On Monday afternoon I drove Lucy an hour down to Tupper Lake to take her driver’s test.
Lucy is 19 and has not been able to drive. From the age of 15 she was away at school, and during her summers home she has had a demanding schedule of work six days a week plus two ski-training practices a day. This meant my own life has been measured out with coffee spoons as I drove her from place to place four to six times a day.
Last year I put my foot down. I would teach her to drive and we would practice before or after her long days, at either 6:30 AM or 8 PM. We worked at this dutifully all summer — an exercise in patience on both our parts (I gripped the door handle and tried not to scream; Lucy tried not to become infuriated by my gasps). Slowly and surely she improved. Unfortunately we were not aware that road tests had to be scheduled months in advance. Lucy left for college still without her license.
This summer we planned ahead. Lucy made the appointment for her road test in April. June 12th in Tupper Lake was the first available date. However, once she came home we had the problem that I was submerged in the hectic last month of my teaching year and had no time to practice with her. That’s when I had a brainwave: our friend Mike! He is retired and has plenty of time. He is a basketball coach and has lots of patience. He also has nerves of steel.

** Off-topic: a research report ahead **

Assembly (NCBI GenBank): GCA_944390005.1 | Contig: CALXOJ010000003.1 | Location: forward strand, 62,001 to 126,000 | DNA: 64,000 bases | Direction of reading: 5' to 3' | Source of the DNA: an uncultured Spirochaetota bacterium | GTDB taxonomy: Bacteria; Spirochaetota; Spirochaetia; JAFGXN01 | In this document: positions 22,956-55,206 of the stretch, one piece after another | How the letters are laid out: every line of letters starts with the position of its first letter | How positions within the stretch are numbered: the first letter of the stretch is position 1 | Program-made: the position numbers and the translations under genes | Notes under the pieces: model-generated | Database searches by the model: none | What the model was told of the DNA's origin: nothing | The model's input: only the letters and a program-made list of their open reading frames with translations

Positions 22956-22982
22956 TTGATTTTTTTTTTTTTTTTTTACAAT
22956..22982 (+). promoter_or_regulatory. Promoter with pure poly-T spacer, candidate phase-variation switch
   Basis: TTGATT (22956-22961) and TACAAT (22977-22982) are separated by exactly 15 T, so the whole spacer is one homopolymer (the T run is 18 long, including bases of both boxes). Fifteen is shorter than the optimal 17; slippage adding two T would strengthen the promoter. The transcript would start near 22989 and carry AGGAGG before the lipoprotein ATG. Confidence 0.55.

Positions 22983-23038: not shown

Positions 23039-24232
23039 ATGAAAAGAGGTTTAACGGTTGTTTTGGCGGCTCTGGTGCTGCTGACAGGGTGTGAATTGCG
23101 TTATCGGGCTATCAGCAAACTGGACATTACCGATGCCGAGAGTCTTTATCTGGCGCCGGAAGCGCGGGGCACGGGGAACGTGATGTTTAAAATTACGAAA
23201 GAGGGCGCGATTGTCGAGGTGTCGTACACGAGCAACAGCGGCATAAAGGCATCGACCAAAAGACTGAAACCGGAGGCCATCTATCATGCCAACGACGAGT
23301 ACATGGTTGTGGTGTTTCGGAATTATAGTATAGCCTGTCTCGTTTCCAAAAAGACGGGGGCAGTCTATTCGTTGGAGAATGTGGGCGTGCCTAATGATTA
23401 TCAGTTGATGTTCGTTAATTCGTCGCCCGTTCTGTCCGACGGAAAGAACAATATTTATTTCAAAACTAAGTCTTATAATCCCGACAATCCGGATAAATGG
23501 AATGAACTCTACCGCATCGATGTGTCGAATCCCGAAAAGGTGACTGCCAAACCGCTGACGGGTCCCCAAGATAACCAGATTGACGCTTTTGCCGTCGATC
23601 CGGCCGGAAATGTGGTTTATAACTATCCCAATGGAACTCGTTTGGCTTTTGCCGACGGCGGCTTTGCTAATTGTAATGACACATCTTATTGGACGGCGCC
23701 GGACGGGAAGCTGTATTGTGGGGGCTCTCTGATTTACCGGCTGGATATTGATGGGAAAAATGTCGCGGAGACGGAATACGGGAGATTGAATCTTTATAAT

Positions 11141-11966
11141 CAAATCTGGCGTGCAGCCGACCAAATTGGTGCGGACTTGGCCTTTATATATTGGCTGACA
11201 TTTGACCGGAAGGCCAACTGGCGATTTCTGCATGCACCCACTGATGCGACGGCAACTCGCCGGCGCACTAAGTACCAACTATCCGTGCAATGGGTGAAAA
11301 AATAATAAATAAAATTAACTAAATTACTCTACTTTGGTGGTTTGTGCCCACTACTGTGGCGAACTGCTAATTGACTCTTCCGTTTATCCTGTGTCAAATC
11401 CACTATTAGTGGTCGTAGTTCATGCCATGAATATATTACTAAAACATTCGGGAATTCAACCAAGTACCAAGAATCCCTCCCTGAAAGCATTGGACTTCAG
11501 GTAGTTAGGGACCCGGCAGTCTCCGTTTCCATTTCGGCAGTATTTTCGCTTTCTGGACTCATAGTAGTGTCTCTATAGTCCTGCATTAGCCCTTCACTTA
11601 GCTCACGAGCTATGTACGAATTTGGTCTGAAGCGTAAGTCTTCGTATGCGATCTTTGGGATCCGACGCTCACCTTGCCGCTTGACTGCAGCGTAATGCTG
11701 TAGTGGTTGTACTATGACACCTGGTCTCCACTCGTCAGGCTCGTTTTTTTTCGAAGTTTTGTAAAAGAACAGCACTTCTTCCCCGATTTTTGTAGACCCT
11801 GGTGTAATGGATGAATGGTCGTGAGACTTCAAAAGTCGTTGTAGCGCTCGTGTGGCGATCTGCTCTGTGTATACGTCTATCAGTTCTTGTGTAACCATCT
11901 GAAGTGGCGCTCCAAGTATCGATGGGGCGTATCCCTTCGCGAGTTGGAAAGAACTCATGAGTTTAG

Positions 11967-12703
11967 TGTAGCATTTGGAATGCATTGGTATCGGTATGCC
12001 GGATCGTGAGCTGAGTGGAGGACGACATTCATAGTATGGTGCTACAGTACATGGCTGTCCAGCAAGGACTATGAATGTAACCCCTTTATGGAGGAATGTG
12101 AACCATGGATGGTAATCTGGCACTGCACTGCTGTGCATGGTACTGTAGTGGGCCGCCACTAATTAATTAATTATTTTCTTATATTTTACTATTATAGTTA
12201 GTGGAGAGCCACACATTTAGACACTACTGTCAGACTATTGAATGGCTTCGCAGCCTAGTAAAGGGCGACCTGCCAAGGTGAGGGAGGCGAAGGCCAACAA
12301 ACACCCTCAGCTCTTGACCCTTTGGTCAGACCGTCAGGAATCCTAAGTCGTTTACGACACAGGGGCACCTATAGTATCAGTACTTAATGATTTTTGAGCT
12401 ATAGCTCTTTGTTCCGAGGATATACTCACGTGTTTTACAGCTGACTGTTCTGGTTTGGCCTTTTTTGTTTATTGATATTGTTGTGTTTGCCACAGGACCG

They drove for hours.
On Monday Lucy and I went to Tupper Lake for the moment of truth. Naturally I was searching for a DMV. Instead, with additional directions from a helpful policeman, we found a small dirt pull-off at the side of the road near a baseball field.
The tester was clearly not hired for his social skills. When we opened our car doors, he did not greet us or introduce himself, merely barking at Lucy, “Get in the driver’s seat!” They drove off without a further word, leaving me standing at the side of the road.
Fifteen minutes later they were back. Lucy was ashen. Apparently the man had barked at her non-stop for the entire drive. She was certain she was failing. She was further unnerved by being repeatedly called “ma’am.” When at last they parked, the man wrote up a slip on his clipboard and Lucy inquired timidly if she had passed. “Yes, yes,” he said brusquely. In fact she had no points off at all.
On our way home we stopped to give Mike the great news. It was a long time coming, but Lucy’s a driver!